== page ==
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Wobbly
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Re: software and hardware stability
Wobbly   11/5/2013 9:06:01 AM
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@Junko, Thank you for that response. I am surprised that they did not employ ECC given the spectacularly noisy electrical environment that is present in a typical automobile. Ignition noise itself has always been a problem in cars, but even current diesel engines, with their Direct Injection systems, are electrically noisy beasts.

Is anyone using hardware controlled access to device space or memory? This is fairly common in cellular handsets, both for security and runtime stablility. It also makes errors readily observable since out of bounds accesses drive immediate hardware faults instead of leaky data errors that may or may not be observed in testing.

junko.yoshida
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Blogger
Re: software and hardware stability
junko.yoshida   11/5/2013 8:31:43 AM
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@Wobbly, according to the expert witness, "Toyota claimed the 2005 Camry's main CPU had error detecting and correcting (EDAC) RAM. It didn't." As you accurately pointed out, the expert witness also agrees that EDAC, or at least parity RAM, is relatively easy and low-cost insurance for safety-critical systems.

Wobbly
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CEO
Re: software and hardware stability
Wobbly   11/5/2013 7:46:09 AM
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You immediately addresses the topic of threads in safety critical products, but you did not address the two points that I raised, and those were ECC on memory and hardware memory region protection on client devices.

In thirty years of delivering core network equipment in telecom, including sixteen years within a Network Systems associated division of Bell Labs, I have had to deal with high reliability requirements. Not safety critical systems such as aerospace or medical, but still equipment that was intended to run unattended in locked vaults buried under ground in very remote locations, and perform its own diagnostics and fault reporting and mitigation. So I am not completety out of touch on those issues.

Even in single threaded systems with well defined task definitions, you can gain stability and safety through having well defined hardware access control limiting tasks to only those devices and memory regions that are associated with that particular task.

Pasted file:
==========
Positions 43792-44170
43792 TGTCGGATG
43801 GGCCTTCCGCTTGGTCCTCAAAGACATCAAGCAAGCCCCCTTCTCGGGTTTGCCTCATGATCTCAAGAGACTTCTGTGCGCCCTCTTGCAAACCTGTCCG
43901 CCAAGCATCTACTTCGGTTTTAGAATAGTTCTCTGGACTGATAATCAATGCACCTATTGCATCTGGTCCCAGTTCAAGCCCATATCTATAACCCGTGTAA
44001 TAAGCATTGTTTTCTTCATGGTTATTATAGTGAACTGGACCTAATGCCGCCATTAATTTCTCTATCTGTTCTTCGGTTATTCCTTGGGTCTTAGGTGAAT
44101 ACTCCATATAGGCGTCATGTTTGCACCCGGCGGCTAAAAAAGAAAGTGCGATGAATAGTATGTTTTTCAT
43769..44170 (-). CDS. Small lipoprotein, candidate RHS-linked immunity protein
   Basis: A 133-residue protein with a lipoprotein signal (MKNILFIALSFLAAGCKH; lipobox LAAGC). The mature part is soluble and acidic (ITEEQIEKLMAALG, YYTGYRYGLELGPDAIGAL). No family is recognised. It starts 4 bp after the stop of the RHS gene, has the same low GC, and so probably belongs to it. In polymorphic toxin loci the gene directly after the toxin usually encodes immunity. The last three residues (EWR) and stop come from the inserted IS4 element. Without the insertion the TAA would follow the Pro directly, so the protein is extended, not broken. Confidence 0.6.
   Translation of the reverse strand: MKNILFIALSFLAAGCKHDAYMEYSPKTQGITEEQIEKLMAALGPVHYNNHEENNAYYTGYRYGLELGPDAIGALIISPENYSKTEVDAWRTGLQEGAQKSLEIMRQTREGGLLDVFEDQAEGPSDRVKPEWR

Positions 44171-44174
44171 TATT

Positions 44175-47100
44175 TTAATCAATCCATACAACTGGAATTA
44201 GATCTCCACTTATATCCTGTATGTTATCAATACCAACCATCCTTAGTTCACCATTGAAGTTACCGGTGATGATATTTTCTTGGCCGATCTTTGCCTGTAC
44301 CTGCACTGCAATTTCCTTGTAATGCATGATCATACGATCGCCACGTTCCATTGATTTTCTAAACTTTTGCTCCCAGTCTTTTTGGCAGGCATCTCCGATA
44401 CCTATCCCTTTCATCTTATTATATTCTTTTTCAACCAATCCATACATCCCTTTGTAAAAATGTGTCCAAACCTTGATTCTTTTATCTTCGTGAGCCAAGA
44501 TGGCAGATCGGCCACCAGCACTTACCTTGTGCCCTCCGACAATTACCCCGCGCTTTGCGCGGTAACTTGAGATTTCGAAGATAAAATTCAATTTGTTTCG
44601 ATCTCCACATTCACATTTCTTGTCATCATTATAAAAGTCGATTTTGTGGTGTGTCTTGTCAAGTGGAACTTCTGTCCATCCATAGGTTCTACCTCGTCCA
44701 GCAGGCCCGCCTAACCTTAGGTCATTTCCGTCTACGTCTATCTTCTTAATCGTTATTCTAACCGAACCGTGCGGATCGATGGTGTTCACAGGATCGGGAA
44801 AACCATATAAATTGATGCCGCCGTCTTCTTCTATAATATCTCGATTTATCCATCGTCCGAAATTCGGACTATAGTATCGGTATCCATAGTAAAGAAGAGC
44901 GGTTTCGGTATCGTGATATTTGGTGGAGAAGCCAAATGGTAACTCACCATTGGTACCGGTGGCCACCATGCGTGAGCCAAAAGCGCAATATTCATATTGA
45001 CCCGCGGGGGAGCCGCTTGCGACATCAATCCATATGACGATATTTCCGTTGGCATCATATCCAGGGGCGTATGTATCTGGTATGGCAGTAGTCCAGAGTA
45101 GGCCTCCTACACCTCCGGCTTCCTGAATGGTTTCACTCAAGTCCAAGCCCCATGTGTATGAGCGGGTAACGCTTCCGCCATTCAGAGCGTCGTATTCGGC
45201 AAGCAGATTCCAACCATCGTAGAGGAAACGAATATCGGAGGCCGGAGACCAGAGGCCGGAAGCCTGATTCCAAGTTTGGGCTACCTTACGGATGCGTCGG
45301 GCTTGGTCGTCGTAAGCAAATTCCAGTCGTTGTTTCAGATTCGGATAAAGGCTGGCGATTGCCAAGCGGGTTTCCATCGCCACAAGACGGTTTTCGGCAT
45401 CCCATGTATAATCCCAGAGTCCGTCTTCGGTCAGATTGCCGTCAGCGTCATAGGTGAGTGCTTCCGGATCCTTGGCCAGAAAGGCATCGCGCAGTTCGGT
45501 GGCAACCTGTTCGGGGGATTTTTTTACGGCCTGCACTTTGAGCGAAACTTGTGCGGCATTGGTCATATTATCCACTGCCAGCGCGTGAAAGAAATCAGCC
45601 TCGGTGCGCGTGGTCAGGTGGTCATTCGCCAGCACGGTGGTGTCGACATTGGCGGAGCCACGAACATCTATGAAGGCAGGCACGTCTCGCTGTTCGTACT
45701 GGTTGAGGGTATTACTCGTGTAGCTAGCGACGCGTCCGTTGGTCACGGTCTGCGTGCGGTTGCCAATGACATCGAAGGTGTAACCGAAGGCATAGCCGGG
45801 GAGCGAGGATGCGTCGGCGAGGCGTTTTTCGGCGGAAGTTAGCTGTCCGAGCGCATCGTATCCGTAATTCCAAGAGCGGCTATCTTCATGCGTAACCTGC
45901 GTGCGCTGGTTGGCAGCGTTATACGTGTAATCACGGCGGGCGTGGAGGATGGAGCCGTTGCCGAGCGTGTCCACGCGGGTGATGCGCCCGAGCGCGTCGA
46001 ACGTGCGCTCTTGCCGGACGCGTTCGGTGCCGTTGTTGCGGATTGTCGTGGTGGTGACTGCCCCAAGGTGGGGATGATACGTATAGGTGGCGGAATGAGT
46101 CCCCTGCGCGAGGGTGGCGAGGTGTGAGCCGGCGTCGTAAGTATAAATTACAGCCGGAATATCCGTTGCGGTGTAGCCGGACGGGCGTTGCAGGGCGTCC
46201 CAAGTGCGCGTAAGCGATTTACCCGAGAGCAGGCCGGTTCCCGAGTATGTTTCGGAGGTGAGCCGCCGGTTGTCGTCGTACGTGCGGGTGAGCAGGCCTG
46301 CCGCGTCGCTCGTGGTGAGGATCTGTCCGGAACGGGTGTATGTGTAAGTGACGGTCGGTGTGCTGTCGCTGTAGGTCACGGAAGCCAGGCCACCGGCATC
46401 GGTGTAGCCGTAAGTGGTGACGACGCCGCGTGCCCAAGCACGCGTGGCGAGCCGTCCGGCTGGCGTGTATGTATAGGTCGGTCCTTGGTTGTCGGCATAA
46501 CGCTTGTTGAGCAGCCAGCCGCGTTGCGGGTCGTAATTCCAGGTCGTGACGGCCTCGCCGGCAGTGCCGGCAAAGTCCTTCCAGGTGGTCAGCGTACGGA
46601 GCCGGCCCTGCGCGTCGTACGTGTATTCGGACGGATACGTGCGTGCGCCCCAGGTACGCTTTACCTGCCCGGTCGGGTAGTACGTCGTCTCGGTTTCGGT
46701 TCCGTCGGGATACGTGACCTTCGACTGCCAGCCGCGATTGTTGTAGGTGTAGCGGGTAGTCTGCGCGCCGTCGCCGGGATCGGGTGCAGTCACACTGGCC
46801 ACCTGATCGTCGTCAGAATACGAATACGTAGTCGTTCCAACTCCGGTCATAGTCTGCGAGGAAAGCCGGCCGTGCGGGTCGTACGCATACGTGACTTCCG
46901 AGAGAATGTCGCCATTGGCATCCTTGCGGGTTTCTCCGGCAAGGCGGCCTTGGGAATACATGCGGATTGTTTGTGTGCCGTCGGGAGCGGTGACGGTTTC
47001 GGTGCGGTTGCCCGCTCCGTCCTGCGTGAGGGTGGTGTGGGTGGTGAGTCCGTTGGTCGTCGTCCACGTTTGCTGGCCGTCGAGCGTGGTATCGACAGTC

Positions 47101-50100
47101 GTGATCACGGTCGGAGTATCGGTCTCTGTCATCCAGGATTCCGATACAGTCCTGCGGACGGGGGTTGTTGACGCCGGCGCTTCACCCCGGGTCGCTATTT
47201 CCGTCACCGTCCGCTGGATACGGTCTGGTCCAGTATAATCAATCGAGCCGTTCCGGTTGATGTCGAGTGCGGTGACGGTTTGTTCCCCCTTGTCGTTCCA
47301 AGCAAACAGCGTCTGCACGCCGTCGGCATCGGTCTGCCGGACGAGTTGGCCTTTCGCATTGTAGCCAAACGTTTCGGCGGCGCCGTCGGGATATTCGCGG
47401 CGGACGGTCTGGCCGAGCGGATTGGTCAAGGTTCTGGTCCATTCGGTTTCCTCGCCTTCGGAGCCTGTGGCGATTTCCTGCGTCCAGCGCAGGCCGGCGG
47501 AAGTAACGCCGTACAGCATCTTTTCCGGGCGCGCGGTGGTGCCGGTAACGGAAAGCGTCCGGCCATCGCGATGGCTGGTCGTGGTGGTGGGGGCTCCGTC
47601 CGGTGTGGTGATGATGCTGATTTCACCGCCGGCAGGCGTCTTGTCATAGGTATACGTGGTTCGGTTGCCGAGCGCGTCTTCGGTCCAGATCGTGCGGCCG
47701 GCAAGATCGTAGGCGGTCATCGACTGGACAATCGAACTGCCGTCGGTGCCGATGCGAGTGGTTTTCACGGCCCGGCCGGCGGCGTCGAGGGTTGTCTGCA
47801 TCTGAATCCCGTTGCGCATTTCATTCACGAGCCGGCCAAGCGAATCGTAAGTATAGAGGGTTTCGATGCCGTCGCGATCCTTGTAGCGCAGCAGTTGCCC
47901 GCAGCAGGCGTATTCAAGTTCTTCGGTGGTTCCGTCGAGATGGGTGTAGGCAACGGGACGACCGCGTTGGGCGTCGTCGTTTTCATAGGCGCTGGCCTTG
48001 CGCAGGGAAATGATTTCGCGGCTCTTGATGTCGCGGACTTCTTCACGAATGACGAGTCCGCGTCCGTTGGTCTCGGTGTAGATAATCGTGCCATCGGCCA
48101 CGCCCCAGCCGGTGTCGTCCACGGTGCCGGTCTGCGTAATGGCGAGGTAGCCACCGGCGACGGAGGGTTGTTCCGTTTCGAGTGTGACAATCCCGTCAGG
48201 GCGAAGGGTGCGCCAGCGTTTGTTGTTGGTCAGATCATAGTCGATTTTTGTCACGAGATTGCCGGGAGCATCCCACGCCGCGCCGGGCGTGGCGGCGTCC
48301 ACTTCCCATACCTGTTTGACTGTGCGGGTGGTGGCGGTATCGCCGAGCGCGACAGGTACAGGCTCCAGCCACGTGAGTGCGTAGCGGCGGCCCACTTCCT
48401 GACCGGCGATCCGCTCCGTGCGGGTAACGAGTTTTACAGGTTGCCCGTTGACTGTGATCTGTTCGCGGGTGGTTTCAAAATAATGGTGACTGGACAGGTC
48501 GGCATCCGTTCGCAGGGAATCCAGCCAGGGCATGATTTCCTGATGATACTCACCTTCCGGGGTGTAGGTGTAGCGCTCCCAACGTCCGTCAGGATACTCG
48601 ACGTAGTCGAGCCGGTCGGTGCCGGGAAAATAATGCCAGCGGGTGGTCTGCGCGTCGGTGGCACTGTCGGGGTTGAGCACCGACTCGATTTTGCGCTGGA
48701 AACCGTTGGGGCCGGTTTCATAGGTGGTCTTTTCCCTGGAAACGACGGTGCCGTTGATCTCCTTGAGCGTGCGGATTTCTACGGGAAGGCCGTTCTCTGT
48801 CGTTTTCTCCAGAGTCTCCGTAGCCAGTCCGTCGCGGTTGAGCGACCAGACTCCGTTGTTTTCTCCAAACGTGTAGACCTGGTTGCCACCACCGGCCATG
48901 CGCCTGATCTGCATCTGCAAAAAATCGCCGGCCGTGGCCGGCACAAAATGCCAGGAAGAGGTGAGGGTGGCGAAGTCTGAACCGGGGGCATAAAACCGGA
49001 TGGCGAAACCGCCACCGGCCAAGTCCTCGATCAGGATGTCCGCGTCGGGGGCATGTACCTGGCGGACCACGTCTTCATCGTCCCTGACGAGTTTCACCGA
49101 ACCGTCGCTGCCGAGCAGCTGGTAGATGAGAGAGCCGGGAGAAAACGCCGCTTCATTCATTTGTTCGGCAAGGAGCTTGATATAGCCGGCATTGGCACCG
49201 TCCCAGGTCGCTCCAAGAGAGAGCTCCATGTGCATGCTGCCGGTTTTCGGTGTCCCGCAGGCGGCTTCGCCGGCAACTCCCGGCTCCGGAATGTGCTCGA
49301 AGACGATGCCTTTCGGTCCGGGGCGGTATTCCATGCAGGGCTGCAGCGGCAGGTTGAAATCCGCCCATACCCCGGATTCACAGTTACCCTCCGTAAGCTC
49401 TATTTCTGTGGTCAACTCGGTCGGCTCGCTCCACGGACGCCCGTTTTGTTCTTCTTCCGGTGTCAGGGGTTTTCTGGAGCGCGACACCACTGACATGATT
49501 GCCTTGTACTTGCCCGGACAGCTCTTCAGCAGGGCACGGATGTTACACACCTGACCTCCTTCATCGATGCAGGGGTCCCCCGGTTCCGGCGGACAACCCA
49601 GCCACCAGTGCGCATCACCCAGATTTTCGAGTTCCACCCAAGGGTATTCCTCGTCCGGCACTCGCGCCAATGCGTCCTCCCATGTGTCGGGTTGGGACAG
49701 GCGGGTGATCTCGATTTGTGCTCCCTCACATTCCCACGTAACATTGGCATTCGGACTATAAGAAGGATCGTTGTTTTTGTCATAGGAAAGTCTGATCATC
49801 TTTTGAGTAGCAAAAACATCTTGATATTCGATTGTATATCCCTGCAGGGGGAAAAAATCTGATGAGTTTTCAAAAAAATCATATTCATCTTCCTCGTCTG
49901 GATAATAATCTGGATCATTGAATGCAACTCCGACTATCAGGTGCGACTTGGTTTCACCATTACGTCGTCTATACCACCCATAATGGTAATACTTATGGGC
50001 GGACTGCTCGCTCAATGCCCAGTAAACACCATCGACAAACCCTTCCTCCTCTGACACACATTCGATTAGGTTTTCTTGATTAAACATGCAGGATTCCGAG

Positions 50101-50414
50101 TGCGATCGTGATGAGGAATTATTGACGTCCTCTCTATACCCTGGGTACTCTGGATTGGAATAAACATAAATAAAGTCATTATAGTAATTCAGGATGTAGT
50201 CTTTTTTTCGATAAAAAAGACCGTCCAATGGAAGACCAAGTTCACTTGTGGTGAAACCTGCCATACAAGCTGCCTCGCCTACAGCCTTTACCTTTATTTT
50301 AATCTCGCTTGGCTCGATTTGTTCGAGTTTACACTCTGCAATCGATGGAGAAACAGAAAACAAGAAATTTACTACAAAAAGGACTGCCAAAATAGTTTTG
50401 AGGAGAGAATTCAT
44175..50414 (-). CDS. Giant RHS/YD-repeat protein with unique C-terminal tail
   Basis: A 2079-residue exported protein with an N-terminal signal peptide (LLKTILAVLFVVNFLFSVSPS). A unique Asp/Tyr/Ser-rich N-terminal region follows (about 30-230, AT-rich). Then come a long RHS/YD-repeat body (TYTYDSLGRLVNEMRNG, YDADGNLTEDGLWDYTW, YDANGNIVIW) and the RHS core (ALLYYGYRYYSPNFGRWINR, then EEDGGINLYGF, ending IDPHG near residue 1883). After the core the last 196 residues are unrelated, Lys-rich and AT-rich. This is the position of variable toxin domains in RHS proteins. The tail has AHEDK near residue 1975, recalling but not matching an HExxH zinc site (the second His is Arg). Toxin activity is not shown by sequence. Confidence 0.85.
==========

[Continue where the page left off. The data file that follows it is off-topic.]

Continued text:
Having shipped systems that were expected to operate non-stop with five-nines of uptime in deployment, I have had the opportunity to observe things, such as the fact that any significant amount of RAM is going to show correctable single bit errors through a year of continuous operation, so bit flips do happen. Around mid 2005, we had appoximately six hundred router blades in a single distributed network, each blade had 1GB of DDR2 RAM, and over a year of collecting fault data, each blade expeienced about six or seven correctable ECC events. We were able to swap out two or three blades before they failed by having ECC event thresholds that flagged the cards for replacement.

Now admittedly, these where blades with 1GB of memory, running 24x7. But if you count the total installed RAM in all the cars on the highway, times the total run hours, there have to be distributed single bit error events occuring.

So do they use ECC? Or do they not?

Bert22306
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CEO
Re: Three-part series based on trial transcript
Bert22306   11/5/2013 4:43:36 AM
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That's what I was referring to, Junko. That testimony was misleading. The "brake override" he was referring to was only the feature where applying the brakes simultaneously cuts the throttle. The implication was that the brakes didn't work at all, which isn't the case. And the throttle override feature does work, except in cases where task X dies while the driver is braking. So it's not as bad as I thought.

Specifically, this quote here:

"Q Where is the function for that brake override? Where is the task located, as you understand it?

"A Yes. So the brake override that is supposed to save the day when there is an unintended acceleration is in task X, of course, because it is the kitchen sink."

Don't you get the impression from this that the brake override won't work when task X dies? And is it made clear that the brakes do work, even if the throttle isn't cut in worst-case scenarios? The brakes would STILL "save the day," if the driver can overcome his or her moment of astonishment.

My approach would have been to make the whole situation clearer from the start, especially in view of the fact that the attorney doing the questioning did not seem well versed in these matters.

junko.yoshida
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Blogger
Re: Three-part series based on trial transcript
junko.yoshida   11/5/2013 1:55:37 AM
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@Antoney Anderson, you have been absolutely critical in our Toyota discussions on this EE Times Forum. Thank you so much for chiming in often, offering pointed guidances and bringing clarity to the issues.

junko.yoshida
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Blogger
Re: Three-part series based on trial transcript
junko.yoshida   11/5/2013 1:18:40 AM
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@Bert, you wrote:

Now, if somehow that task X death had affected ABS in such a way that the brakes didn't work, the situation would have been a whole lot more dire. In the early reports, this "small" detail was never brought out.


Because we only have a redacted versin of the transcript in which exact functions of Task X were not disclosed, it's hard to tell. But I would like to call your attention to the following part of the court transcript: http://www.eetimes.com/document.asp?doc_id=1319936&page_number=4